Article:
Classics and Transferable Skills, part II

Skill 1 - Logical Reasoning


I cannot remember where this happened or who said it (school, I think?), but it still makes me smile. I overheard someone scoffing about the uselessness of Classics except for the help it gave with cryptic crosswords. I didn’t take the bait. There is some truth in the statement, about Classics and cryptic crosswords that is, not Classics’ utter uselessness. Partly, Classics helps with content. Names of deities crop up, e.g., ‘the god who is a backward waterway’ (Zeus), or Greek characters like ‘eta’, ‘phi’, etc, might make up part of the definition word. Okay, a small concession: yes, to do Classics simply to boost one’s speed when tackling the latest beast in the Sunday Times would be a silly reason to do Classics. But the person I overheard was missing the point. Firstly, though this is not the most important thing, Classicists, especially those who like the languages do often like cryptic crosswords. The second and most important point, which explains the first, is the considerable ‘skill’ overlap between the cryptic crossword and translating Latin and ancient Greek, a skill highly applicable to so many careers. That skill is logical reasoning (TL = translating Latin; CC = Cryptic Crosswords):

1. TL: Taking apart a sentence to analyse each component while translating.

CC: Take apart a clue to identify how the answer has been coded.


2. TL: Application of grammatical knowledge to identify component parts.

CC: Application of knowledge of codes and cues (for example, ‘ruined’ may indicate an anagram) to find your ‘word pieces.’


3. TL: Put it all together.

CC: Ditto

In both cases, just go back and check you can explain how you got to the answer you did.


Latin’s structure (as an inflected language*) makes it very similar to coding. There are logical patterns that modify a word to convey its meaning and purpose in a specific sentence, which once learnt, are applied when translating. Let’s take some examples.


Let’s look at the short sentence from one of my earlier articles:


puella puerum vocat.

The girl calls the boy.

You may remember I pointed out that you can put this sentence in any order you like and it will still mean the girl calls the boy.


puell-A - shows you the girl is doing the calling.


We call her the subject of the sentence.


puer-UM - tells you the boy is not the doer, but is the

recipient of the action, in this case the calling.


This might seem ghastly at first as you think, why oh why, English doesn’t do that.


Well, actually, in saying that, you would not be quite right. We do not change endings. But marking the difference between subject and object with a word change can be seen in English personal pronouns.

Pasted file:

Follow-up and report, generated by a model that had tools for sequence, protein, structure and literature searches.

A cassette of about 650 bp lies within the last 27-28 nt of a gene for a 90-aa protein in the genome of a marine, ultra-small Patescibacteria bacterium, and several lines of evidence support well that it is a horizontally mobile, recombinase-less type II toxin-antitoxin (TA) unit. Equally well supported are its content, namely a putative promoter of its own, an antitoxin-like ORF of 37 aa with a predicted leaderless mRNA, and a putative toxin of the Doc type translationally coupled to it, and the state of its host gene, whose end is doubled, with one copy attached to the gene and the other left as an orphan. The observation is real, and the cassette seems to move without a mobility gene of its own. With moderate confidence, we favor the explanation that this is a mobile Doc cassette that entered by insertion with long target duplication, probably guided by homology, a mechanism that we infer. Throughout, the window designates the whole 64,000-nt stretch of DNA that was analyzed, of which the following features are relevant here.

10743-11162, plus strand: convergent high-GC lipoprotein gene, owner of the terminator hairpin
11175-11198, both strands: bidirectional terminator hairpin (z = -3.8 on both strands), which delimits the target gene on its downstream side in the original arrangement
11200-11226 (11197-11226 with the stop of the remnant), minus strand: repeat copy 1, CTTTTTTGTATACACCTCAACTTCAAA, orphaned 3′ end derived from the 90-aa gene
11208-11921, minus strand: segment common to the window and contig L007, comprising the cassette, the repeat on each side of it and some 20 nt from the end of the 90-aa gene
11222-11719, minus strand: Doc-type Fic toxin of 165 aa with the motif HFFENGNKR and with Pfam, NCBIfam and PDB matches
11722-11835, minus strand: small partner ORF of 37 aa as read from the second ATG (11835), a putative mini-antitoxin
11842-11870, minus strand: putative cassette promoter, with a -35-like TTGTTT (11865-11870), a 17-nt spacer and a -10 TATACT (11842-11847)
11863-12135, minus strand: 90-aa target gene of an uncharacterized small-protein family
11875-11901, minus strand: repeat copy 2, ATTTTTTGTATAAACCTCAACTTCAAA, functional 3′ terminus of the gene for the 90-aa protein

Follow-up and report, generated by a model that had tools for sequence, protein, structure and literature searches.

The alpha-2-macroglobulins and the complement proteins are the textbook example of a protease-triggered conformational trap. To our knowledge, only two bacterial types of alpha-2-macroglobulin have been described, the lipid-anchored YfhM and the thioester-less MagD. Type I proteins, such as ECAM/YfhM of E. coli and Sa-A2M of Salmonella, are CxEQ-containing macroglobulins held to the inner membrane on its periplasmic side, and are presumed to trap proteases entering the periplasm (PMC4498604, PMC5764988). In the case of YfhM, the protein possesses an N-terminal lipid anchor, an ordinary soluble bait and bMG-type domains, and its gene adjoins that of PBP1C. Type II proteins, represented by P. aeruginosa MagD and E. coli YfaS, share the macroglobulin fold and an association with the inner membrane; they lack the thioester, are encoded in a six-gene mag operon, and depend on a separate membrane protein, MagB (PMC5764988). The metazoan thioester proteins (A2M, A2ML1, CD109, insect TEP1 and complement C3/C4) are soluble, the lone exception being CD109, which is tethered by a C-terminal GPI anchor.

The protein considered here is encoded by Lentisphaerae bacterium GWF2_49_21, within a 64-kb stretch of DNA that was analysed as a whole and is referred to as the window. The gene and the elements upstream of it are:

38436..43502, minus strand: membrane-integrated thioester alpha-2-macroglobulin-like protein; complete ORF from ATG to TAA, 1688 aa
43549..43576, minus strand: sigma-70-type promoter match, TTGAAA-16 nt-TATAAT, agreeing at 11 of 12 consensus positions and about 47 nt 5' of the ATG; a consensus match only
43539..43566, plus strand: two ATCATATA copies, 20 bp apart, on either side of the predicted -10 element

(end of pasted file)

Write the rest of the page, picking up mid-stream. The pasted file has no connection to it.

She called he

Er, no, I don’t think so.


She called him.

Similarly: He called her (not, ‘he called she’).

The principle is the same, although Latin does this for just about every noun.**

Okay, so before we do our next example, remember, ‘M’ = being on the receiving end.

puella amicum salutat.

The girl ends in ‘A’ as before. We know, therefore, that once again she is the doer.

The ‘amicum’ is on the receiving end. We know that because he ends in ‘M’. You may be able to work out the meaning from comparison with ‘ami’ in French. Yes, ‘Friend’.


There are a number of ways of working out ‘salutat’.


salute - a (usually) army greeing

salut (French) - ‘hello’ (informal)

So, ‘salutat’ means ‘greet’.


puella amicum salutat.

The girl greets her friend.

Very logical. And a highly applicable or, dare I say it, ‘transferable’ skill. I once had a year 12 class of fourteen. Just under half did Maths as well and could see a close comparison with the act of translating Latin and applying logic in equations and algebra. Other Classicists I have known have proven highly skilled at computer programming and coding.


This is not to say that Latin should be a requirement for computing. Of course, I am not. But the skills set is clearly very similar and they all felt Latin (and Greek, in their cases) had been great preparation.


So, transferable skill no.1 established. Attention to detail will be up next.

*An inflected language is one where words are modified to convey differences in meaning.


**Fond memories of reading Molesworth for the first time: ‘To nouns which cannot be declined, the neuter gender is assigned, BE-POP!’

PS: Final quick follow up to what I said about codes, crossword, and logic, cryptic crosswords were a way of recruiting codebreakers for Bletchley Park in WWII.

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